On the music front, Matt Berninger's new side project, El Vy, is hitting all the right notes of sophisticated 80s-tinged pop: danceable with solid grooves and thoughtful lyrics. His baritone voice has a weight that never feels forced. When he took the stage at Bowery a couple weeks ago with partner Brent Knopf of Menomena, there was a palpable energy pulsing through the sold out crowd that had just been warmed up by the talented Wye Oak. They played just about every song on their debut album "Return to the Moon," an album that only grows more complex upon repeat listens I've heard it about a dozen times, and it's nowhere near feeling worn. Midway through they played the only cover of the night, "She Drives Me," by Fine Young Cannibals - a perfect choice as El Vy feels like the heir apparent to the new wave trio. My favorite song, "No Time to Crank the Sun," has the plodding melodic structure of a National song with a pop sheen while addressing a bit of life's existential dilemmas.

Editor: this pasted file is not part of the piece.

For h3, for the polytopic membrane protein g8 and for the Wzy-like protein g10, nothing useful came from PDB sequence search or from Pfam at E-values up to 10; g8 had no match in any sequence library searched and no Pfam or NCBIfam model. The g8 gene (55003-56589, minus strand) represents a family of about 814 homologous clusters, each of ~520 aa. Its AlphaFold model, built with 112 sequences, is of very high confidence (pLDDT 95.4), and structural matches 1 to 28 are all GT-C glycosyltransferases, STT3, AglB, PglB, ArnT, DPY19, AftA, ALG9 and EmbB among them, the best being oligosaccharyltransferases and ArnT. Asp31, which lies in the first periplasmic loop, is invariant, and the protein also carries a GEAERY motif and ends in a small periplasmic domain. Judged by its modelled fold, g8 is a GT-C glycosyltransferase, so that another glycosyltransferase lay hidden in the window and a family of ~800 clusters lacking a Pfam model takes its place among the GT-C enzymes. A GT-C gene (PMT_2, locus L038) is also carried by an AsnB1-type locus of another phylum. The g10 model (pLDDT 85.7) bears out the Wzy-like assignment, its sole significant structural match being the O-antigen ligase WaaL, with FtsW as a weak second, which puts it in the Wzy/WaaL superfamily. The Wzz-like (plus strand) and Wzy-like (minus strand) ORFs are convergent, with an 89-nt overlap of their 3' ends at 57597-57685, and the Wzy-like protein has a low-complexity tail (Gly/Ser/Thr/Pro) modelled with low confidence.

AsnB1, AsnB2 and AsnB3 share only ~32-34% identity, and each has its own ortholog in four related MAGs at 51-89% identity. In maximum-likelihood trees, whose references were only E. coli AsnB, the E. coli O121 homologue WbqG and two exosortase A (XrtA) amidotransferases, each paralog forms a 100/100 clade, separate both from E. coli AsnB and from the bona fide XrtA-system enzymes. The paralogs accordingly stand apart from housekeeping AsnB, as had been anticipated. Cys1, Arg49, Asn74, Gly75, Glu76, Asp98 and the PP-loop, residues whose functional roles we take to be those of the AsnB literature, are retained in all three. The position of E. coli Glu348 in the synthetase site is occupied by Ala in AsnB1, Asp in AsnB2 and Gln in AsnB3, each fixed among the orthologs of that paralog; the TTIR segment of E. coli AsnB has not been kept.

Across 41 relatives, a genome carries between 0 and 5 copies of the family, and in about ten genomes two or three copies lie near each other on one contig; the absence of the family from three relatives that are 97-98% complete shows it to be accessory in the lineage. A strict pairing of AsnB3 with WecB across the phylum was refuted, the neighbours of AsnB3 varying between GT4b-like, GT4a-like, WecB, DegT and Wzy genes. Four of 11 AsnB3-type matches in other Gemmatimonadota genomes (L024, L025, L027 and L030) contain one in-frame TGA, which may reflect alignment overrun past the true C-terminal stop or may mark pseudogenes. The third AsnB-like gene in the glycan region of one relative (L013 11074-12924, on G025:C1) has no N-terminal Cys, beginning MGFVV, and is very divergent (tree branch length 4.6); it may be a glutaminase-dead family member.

The Civilians are one of the most exciting theater companies currently working and often make the case that musicals are far more than museum pieces. The last show of theirs I saw was "Pretty Filthy," a nuanced and illuminating portrait of the porn industry. Like all their shows, characters are created out of interviews that company members conduct with real people and parts of the actual interviews are often interspersed onstage. This show like many others began as an evening of their regular cabaret series, "Let Me Ascertain You," on the elegant and intimate stage of Joe's Pub. I dropped in for their latest show this week, intriguingly titled "War on Christmas." Perhaps because I was so eagerly anticipating it, the show fell below my expectations - more a half-baked revue then an exciting spark for a new musical. I think though it's because Michael Friedman (composer and lyricist of Pretty Filthy along with just about every other Civilians musical) was largely absent. The one song he contributed, a whimsical explanation of Japan's obsession with KFC during Christmastime, was easily the highlight of the evening.